“Grand! Absolutely thrilling!” Mojo says with glee while simultaneously shielding his eyes. Once the light dies out, he and Major-Domo see nothing but a pile of charred ashes where Arize once stood. Although Mojo applauds the dramatic gesture, he doubts Arize actually killed himself; he would have known such an act would surely bring Mojo pleasure. That does leave the question, however, of where exactly Arize went. Major-Domo supposes he could have fled to the world of humans. Nonsense, Mojo says. Arize would not dare make an interdimensional jaunt without the time-dancing magic of Spiral to guide him. If he did, he would get caught in the madness between worlds and surely lose his most valued possession: his mind.
Xavier's School for Gifted Youngsters...
The Westchester Institutes rustic exterior belies its militant purpose. Inside, the X-Men, a group of people gifted with special abilities who have chosen to defend the world, undergo the latest session of their rigorous training program. Beast and Psylocke of the X-Men’s Blue Team carefully sneak through a simulated urban decay in the Danger Room. Confounded by the room’s immense capabilities, Psylocke once again asks Beast if he knows where he is going. Each program differs, he says while scrutinizing the streets for clues. Each program represents a sinister combination of Xavier’s taste for tactical innovation and advanced Shi’ar technology. Psylocke asks Hank if that is not just a roundabout way of saying he has no idea where he is going. “Ah, you read my mind — no pun intended,” Beast replies his telepathic teammate.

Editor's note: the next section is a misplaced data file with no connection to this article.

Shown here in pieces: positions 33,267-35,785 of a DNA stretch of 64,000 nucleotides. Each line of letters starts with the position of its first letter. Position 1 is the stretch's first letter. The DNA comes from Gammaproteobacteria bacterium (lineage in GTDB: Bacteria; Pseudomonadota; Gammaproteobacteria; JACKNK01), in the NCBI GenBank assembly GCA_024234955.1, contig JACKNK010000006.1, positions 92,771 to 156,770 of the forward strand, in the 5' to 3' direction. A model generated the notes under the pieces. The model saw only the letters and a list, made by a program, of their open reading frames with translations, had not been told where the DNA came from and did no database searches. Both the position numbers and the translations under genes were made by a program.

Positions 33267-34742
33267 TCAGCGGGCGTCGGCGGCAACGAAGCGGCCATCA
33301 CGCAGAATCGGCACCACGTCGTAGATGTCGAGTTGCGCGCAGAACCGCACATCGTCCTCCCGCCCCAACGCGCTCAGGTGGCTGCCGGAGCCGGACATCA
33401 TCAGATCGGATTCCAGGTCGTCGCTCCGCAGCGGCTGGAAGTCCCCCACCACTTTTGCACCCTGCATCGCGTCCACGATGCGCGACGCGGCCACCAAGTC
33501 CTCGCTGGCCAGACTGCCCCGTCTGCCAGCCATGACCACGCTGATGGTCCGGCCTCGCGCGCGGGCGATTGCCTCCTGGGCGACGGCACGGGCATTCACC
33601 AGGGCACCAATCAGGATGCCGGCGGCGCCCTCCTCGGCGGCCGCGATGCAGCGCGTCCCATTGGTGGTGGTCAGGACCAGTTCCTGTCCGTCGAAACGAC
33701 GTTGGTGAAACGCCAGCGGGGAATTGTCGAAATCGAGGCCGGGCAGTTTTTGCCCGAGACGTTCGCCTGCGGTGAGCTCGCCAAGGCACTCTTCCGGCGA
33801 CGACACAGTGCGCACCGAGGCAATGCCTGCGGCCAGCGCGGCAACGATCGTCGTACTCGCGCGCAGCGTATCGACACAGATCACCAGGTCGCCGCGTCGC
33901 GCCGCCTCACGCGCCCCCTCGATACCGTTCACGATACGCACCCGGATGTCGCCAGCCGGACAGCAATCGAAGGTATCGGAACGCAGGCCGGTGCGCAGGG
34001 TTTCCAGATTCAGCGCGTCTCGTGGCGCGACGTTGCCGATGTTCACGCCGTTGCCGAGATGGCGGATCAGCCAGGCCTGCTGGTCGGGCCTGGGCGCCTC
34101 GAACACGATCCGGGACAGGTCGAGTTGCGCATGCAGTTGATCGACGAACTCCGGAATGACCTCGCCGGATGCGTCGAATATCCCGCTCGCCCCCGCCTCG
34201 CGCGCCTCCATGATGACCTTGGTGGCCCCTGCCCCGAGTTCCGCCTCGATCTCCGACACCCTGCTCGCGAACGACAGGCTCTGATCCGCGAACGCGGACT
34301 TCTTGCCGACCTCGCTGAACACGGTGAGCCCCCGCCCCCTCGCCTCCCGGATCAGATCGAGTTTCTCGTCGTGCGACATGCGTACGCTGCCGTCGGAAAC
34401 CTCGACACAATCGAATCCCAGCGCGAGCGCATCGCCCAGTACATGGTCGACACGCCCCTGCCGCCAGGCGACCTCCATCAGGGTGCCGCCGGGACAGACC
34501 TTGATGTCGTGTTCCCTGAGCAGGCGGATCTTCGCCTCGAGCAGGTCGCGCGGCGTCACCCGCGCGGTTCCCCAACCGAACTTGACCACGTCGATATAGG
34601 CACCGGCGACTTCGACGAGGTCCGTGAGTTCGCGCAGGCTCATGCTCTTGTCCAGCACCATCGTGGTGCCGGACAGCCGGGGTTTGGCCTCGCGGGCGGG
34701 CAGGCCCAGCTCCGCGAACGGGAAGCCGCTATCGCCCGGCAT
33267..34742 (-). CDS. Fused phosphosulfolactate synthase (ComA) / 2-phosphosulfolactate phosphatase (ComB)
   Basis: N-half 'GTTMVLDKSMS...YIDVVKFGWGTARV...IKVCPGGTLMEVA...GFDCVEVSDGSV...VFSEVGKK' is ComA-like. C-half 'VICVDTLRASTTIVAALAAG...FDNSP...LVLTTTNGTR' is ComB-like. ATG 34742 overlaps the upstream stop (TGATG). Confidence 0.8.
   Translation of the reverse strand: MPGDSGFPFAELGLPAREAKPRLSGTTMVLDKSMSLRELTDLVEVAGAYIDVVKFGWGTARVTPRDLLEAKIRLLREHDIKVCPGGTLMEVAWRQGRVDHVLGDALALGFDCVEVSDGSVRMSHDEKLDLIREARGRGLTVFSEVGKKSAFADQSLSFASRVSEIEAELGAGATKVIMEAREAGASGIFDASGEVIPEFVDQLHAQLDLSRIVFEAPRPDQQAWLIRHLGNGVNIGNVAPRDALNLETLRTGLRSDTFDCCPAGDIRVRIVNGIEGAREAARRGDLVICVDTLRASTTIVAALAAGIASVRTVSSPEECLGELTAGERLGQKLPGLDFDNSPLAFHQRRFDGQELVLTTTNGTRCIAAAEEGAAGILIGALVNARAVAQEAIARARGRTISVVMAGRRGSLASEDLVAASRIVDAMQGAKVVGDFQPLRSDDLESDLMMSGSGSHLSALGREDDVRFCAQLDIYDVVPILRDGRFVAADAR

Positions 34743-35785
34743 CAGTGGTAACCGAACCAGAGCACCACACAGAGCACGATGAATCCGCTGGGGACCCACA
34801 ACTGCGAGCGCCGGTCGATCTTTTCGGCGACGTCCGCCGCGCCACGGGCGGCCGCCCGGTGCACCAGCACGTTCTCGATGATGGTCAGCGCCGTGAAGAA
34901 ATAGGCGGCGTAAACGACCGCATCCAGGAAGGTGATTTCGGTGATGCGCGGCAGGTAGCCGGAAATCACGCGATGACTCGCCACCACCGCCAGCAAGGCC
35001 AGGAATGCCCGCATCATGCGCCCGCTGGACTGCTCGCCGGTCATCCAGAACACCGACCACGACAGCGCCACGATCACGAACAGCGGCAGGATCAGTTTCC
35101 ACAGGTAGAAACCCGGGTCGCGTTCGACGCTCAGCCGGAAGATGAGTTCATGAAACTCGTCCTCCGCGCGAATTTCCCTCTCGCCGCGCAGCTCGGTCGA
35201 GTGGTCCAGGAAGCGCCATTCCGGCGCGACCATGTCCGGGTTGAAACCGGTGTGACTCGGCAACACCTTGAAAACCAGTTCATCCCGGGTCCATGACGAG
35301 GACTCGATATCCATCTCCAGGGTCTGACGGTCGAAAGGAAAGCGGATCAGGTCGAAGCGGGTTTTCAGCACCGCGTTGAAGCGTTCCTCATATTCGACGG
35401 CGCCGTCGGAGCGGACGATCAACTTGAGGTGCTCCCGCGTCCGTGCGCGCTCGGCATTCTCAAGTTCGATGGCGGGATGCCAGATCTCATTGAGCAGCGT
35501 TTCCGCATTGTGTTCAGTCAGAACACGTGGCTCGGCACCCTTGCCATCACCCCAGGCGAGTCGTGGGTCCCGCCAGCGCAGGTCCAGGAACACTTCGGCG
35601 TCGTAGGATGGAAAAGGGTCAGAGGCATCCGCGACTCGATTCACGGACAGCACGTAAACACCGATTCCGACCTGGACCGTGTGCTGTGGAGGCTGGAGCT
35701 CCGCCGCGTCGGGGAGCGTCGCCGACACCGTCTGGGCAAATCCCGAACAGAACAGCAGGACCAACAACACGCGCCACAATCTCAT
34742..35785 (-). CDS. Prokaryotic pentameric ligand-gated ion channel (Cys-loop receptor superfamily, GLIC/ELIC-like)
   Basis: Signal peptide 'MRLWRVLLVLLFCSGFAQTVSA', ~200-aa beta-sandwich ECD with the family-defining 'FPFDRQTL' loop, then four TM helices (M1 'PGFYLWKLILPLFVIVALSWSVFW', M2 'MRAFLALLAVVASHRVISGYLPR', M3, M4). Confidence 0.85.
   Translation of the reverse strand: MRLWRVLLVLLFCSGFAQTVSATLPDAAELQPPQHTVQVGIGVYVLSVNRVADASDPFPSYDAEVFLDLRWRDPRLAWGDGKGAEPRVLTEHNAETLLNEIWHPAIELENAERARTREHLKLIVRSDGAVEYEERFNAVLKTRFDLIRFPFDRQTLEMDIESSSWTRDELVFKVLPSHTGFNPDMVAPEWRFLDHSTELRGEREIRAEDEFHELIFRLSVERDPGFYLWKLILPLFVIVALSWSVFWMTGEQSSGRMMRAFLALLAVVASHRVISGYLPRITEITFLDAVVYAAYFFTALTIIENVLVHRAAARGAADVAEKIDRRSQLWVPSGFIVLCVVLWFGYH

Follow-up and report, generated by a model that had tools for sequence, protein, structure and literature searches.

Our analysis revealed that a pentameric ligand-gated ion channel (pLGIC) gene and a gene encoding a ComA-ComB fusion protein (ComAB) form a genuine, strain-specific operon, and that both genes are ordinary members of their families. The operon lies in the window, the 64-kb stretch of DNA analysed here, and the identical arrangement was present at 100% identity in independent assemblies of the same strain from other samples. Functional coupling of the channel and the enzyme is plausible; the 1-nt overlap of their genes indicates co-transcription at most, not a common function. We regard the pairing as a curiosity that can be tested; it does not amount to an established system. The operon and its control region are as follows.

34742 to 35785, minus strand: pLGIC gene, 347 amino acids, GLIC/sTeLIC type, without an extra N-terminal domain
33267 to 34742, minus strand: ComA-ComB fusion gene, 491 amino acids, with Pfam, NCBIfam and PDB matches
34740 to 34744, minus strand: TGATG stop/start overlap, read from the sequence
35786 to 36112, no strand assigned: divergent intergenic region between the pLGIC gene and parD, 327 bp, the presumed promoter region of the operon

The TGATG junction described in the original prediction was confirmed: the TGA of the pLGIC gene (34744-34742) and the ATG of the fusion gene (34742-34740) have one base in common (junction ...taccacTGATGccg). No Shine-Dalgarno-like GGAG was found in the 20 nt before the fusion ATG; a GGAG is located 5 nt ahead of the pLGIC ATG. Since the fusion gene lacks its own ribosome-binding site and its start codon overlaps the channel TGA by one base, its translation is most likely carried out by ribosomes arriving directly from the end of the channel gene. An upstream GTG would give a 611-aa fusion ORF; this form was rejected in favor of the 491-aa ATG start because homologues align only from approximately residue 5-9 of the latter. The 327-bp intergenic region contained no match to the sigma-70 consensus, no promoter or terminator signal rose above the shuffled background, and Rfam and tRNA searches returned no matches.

He alerts Psylocke to some obstacles up ahead. The ninja-trained warrior approaches the mechanical constructs and deftly dismantles them. Beast watches in awe; he had forgotten about her martial arts background. It comes in handy, Psylocke responds as she destroys a robot’s neck with a flying kick. What tactics is Hank employing, she asks? “Just relying on my good looks and natural wit, thank you,” he answers. His quip begs the question, though, of what Gambit and Rogue are doing at that moment.